When Saul returned from following the Philistines, he was told, ‘David is in the wilderness of En-gedi.’ Then Saul took three thousand chosen men out of all Israel, and went to look for David and his men in the direction of the Rocks of the Wild Goats. He came to the sheepfolds beside the road, where there was a cave; and Saul went in to relieve himself. Now David and his men were sitting in the innermost parts of the cave. The men of David said to him, ‘Here is the day of which the Lord said to you, “I will give your enemy into your hand, and you shall do to him as it seems good to you.”’ Then David went and stealthily cut off a corner of Saul’s cloak. Afterwards David was stricken to the heart because he had cut off a corner of Saul’s cloak. He said to his men, ‘The Lord forbid that I should do this thing to my lord, the Lord’s anointed, to raise my hand against him; for he is the Lord’s anointed.’ So David scolded his men severely and did not permit them to attack Saul. Then Saul got up and left the cave, and went on his way. Afterwards David also rose up and went out of the cave and called after Saul, ‘My lord the king!’ When Saul looked behind him, David bowed with his face to the ground, and did obeisance. David said to Saul, ‘Why do you listen to the words of those who say, “David seeks to do you harm”? This very day your eyes have seen how the Lord gave you into my hand in the cave; and some urged me to kill you, but I spared you….” See, my father, see the corner of your cloak in my hand; for by the fact that I cut off the corner of your cloak, and did not kill you, you may know for certain that there is no wrong or treason in my hands. I have not sinned against you, though you are hunting me to take my life. May the Lord judge between me and you! May the Lord avenge me on you; but my hand shall not be against you…When David had finished speaking these words to Saul, Saul said, ‘Is that your voice, my son David?’ Saul lifted up his voice and wept. He said to David, ‘You are more righteous than I; for you have repaid me good, whereas I have repaid you evil. Today you have explained how you have dealt well with me, in that you did not kill me when the Lord put me into your hands. For who has ever found an enemy, and sent the enemy safely away? So may the Lord reward you with good for what you have done to me this day. Now I know that you shall surely be king, and that the kingdom of Israel shall be established in your hand. Swear to me therefore by the Lord that you will not cut off my descendants after me, and that you will not wipe out my name from my father’s house.’ So David swore this to Saul. Then Saul went home; but David and his men went up to the stronghold.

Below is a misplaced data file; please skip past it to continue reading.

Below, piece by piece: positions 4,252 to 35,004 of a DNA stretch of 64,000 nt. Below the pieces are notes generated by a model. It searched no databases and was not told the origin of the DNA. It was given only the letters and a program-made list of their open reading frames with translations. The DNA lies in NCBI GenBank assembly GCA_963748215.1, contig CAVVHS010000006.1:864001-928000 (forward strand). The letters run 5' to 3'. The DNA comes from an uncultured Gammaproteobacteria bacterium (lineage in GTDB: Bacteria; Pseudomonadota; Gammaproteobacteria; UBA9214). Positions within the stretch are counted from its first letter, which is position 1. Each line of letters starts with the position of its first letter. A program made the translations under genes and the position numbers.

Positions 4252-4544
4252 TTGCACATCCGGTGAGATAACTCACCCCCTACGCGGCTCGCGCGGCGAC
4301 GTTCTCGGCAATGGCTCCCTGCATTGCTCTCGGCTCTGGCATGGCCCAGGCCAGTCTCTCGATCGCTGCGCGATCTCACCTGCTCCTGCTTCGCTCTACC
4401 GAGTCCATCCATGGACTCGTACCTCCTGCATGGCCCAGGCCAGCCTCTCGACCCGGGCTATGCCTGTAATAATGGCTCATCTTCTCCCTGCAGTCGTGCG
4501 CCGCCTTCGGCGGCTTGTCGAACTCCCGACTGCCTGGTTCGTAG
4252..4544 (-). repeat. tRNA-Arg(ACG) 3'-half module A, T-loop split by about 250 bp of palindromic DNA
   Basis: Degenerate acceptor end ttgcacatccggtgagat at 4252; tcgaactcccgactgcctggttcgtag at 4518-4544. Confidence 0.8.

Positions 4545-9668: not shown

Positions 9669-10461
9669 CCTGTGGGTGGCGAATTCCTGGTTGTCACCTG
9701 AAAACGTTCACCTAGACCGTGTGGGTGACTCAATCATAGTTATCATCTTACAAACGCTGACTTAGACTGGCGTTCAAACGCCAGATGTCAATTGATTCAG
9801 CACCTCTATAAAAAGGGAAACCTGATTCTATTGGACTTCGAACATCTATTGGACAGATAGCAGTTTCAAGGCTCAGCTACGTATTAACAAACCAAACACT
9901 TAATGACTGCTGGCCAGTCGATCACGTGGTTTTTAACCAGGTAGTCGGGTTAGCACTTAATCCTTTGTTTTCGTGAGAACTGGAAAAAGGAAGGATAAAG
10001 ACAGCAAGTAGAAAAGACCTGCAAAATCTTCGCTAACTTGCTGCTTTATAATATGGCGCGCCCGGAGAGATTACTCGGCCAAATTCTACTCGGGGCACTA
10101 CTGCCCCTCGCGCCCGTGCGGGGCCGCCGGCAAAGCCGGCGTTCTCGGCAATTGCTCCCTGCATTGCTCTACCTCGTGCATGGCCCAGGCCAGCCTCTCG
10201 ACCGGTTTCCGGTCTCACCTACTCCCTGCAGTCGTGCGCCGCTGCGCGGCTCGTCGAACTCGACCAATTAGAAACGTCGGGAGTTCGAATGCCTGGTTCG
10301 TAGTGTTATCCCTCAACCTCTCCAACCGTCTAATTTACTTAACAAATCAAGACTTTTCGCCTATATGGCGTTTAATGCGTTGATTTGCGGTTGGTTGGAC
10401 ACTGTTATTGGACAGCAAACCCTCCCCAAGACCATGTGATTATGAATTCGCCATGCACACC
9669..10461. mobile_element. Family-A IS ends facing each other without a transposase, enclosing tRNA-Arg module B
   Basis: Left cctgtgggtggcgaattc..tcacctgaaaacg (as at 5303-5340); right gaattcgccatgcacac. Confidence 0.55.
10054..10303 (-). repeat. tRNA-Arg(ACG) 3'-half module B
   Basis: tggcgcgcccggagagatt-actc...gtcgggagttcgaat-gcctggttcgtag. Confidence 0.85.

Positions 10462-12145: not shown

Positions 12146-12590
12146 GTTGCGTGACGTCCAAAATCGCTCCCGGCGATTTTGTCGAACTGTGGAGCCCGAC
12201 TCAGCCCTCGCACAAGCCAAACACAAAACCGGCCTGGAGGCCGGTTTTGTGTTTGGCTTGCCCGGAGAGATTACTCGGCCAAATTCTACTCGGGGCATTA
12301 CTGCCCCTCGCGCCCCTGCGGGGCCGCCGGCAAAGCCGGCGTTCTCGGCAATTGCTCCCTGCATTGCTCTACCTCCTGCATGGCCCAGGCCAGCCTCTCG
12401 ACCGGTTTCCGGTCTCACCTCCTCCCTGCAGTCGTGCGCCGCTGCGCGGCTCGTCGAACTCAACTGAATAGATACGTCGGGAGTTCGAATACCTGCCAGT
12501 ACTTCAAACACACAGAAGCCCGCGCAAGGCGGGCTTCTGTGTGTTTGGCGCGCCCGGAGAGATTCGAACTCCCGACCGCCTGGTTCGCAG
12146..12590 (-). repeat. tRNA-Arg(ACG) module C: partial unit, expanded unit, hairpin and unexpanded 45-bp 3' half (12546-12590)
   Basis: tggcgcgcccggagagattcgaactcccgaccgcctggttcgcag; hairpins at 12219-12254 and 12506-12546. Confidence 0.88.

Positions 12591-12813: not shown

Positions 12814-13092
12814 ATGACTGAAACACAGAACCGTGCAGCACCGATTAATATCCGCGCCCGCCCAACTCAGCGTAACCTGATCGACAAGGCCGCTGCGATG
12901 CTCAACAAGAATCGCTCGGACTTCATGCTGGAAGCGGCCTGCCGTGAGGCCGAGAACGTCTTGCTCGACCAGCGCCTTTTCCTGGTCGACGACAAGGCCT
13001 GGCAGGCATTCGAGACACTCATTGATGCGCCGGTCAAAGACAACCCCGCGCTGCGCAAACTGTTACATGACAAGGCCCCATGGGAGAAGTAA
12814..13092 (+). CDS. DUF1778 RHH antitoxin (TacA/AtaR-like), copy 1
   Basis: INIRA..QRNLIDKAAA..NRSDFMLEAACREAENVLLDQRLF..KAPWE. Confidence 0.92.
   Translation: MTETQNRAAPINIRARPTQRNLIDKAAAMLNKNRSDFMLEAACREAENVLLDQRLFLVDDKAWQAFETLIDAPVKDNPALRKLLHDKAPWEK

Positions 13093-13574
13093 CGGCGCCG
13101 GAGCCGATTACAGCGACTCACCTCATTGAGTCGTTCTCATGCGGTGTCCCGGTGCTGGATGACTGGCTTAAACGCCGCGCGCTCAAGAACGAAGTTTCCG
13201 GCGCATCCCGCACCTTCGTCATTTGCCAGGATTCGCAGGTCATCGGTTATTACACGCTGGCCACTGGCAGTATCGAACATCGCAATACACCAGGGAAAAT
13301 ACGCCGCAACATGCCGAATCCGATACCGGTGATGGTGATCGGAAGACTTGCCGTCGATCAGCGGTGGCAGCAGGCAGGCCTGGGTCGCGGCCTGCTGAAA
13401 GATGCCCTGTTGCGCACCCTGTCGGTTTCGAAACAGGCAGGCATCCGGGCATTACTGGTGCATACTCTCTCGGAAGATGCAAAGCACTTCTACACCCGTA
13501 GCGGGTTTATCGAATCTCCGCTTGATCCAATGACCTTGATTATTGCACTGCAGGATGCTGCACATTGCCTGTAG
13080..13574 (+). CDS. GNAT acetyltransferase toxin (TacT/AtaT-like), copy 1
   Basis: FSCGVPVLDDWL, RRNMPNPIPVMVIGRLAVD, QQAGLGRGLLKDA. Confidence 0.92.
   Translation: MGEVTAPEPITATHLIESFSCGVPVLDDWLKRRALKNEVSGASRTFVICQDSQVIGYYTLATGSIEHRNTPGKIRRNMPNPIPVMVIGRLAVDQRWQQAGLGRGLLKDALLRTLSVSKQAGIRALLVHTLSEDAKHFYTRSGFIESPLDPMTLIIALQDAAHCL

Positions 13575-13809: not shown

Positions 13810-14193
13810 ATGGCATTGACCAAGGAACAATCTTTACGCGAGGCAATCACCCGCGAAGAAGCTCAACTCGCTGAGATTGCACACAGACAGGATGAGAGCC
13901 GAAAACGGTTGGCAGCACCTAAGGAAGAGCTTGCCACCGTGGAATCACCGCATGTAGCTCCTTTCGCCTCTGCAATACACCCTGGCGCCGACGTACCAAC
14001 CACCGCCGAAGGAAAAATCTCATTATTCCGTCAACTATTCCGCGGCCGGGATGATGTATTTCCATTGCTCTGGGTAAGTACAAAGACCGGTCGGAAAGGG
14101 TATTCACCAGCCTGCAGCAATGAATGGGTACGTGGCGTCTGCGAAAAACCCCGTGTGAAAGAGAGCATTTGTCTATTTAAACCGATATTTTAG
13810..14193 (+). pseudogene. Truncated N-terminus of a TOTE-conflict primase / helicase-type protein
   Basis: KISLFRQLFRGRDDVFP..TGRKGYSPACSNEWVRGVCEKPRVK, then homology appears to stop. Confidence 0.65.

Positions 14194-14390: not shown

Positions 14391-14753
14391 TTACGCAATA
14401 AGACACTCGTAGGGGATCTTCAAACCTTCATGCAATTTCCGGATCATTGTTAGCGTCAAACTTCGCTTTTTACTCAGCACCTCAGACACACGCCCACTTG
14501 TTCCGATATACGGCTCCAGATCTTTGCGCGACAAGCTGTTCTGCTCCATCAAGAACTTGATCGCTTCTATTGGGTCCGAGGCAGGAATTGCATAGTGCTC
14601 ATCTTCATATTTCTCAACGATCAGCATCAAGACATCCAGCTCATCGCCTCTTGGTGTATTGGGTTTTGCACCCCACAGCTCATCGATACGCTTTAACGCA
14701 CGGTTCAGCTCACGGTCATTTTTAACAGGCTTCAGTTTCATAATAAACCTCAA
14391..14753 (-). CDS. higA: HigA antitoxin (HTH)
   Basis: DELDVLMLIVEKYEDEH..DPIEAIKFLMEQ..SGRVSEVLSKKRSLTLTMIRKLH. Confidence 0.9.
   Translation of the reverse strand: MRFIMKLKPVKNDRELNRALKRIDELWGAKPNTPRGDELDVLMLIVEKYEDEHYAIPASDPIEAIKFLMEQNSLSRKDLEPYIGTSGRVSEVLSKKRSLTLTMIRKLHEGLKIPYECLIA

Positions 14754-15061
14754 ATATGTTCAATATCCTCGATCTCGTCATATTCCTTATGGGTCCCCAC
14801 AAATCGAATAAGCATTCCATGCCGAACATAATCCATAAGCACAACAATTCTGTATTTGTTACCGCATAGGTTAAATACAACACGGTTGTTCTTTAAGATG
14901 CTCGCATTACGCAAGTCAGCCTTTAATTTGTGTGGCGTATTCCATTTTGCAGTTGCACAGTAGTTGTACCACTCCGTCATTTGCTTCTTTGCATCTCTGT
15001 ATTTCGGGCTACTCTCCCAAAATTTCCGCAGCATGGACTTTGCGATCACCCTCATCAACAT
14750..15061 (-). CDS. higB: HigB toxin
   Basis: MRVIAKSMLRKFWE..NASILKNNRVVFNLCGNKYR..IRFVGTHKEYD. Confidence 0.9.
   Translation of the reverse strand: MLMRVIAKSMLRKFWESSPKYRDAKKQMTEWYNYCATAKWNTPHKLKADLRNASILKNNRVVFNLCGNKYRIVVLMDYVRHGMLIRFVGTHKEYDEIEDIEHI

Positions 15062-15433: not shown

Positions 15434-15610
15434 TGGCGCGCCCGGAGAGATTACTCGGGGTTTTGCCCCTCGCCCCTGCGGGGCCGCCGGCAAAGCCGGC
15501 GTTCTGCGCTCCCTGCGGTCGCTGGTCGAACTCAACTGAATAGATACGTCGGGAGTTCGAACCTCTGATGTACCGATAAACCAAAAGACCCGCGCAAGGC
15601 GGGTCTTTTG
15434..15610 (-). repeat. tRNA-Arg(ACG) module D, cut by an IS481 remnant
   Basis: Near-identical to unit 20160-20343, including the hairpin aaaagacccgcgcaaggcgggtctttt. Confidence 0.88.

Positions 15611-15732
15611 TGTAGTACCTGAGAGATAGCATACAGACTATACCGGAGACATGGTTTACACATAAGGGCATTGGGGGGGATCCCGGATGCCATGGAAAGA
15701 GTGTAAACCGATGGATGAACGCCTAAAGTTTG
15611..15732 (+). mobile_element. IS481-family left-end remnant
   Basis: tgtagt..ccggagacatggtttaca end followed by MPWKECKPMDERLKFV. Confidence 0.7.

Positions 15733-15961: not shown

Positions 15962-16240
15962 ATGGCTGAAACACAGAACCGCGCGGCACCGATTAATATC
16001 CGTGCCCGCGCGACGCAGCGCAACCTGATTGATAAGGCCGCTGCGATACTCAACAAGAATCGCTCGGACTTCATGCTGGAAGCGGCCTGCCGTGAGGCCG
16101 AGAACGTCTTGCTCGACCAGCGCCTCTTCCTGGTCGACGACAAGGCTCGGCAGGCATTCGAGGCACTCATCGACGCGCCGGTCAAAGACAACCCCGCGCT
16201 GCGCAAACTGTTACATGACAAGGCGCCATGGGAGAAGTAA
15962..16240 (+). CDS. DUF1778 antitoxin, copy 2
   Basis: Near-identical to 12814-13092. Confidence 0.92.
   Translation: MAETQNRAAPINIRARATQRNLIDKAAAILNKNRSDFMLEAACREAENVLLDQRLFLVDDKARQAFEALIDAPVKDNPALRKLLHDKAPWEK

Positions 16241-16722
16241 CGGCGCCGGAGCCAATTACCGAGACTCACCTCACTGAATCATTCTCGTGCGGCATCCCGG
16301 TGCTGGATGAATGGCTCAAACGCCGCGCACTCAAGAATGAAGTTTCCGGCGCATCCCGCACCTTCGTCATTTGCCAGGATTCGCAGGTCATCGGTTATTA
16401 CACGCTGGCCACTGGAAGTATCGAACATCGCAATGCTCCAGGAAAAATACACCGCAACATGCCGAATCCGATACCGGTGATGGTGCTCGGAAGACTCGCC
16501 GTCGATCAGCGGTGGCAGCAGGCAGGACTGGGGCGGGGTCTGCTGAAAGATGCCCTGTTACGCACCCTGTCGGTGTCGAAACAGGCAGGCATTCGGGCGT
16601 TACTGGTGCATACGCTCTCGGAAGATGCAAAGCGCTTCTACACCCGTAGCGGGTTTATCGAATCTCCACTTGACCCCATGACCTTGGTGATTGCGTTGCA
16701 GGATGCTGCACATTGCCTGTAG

What I love most about the stories in the Hebrew Scriptures is not that they are full of magnificent heroes who get everything right (or indeed others who are out and out ‘baddies.’) Rather, again and again I see God working through frequently flawed and imperfect people … just like you and me!
I find it reassuring and encouraging that the first King of the Hebrews was in many ways a disaster, although actually Saul achieved a huge amount in the face of what I see as a massively challenging health condition. And likewise David, as we shall explore later, is far from lily-white. But again what I admire about the compilers of the tales is that they included the stories when the characters let themselves down dreadfully! Moses, Samson, Jephthah and indeed David are cases in point and their imperfections were not written out of the Scriptures.
But here, David does the right thing even if not the strategically advantageous thing. He proves his worth and his loyalty when he has the opportunity to deal with his adversary once and for all. He chooses, rather, to show mercy to his father-in-law. We live in an era when people, politicians and world leaders, in my view, far too often jump to conflict and confrontation when meeting, talking and working out things peacefully are not only possible, but preferable too.
Would we have the Syrian refugee numbers, the rise of al-Qaeda / ISIS etc. if that better way had been followed, I wonder? We follow a Saviour who taught justice, peace and turning the other cheek after all, and one who perhaps, as a Son of David, exhibited the same level of love and mercy and his ancestor, even forgiving his persecutors while on the Cross.
God of mercy, love and peace, teach us to hold your ways in mind in the face of provocation, hatred, violence and anger. May we learn to cut the corners of cloaks off, rather than cutting the corner of reason and discussion and going straight to conflict. Amen
The Rev’d Peter Clark is the URC Minister of the Bridport and Dorchester Joint Pastorate (Methodist & URC)